What Charles Dickens did with words for the underage toilers of London,
Lewis Hine did with photographs for the youthful laborers in the United
States. In 1908 the National Child Labor Committee was already campaigning
to put the nation’s two million young workers back in school
when the group hired Hine. The Wisconsin native traveled to half the
states, capturing images of children working in mines, mills and on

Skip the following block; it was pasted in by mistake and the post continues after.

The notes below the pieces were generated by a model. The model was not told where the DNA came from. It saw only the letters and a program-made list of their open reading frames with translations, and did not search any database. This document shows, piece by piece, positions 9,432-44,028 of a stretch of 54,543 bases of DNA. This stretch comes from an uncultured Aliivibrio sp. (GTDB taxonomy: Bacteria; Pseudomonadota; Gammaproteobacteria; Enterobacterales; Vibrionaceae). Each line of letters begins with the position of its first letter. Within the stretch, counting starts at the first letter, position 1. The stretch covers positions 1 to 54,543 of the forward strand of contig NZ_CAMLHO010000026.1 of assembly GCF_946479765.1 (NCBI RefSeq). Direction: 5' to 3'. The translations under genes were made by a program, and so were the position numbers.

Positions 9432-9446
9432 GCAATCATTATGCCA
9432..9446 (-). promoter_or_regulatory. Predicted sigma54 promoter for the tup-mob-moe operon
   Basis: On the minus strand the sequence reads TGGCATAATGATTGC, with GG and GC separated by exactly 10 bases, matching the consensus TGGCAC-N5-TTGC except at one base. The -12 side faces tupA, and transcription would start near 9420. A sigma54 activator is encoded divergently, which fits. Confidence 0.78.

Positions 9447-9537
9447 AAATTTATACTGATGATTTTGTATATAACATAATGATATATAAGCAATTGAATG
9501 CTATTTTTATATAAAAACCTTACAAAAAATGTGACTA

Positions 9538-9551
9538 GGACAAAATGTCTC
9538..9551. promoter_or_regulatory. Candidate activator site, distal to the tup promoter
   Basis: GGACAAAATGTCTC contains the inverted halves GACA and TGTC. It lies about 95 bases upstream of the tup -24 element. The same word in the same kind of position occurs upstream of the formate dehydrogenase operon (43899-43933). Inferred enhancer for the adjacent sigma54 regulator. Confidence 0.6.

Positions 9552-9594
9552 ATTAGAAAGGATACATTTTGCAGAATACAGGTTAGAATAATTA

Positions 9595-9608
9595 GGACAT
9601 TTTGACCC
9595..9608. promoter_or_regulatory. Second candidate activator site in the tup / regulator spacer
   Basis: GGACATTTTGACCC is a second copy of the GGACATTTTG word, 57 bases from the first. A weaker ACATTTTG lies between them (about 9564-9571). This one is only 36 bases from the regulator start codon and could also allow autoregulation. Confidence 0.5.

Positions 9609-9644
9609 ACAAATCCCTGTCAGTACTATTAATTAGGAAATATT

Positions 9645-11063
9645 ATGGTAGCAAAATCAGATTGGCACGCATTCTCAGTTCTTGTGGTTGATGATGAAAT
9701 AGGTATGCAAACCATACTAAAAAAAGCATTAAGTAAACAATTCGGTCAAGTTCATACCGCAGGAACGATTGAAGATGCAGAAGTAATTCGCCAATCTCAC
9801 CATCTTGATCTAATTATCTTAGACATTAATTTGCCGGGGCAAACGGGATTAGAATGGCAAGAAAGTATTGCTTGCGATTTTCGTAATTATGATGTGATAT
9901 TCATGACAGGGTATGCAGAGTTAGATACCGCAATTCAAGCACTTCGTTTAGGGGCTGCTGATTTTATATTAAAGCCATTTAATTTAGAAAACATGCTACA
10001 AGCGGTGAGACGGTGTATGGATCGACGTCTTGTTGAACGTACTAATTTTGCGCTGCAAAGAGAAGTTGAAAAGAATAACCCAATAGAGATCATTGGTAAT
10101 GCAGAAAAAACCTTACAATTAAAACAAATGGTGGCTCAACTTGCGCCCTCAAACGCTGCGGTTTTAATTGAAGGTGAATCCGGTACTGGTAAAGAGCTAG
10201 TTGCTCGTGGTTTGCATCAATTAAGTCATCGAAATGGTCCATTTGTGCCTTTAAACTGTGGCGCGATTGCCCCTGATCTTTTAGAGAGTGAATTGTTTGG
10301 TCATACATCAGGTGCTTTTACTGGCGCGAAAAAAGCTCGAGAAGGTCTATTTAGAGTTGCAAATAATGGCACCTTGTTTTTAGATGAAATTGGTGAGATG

the streets. Here he has photographed “breaker boys,”
whose job was to separate coal from slate, in South Pittston, Pa.
Once again, pictures swayed the public in a way cold statistics had
not, and the country enacted laws banning child labor.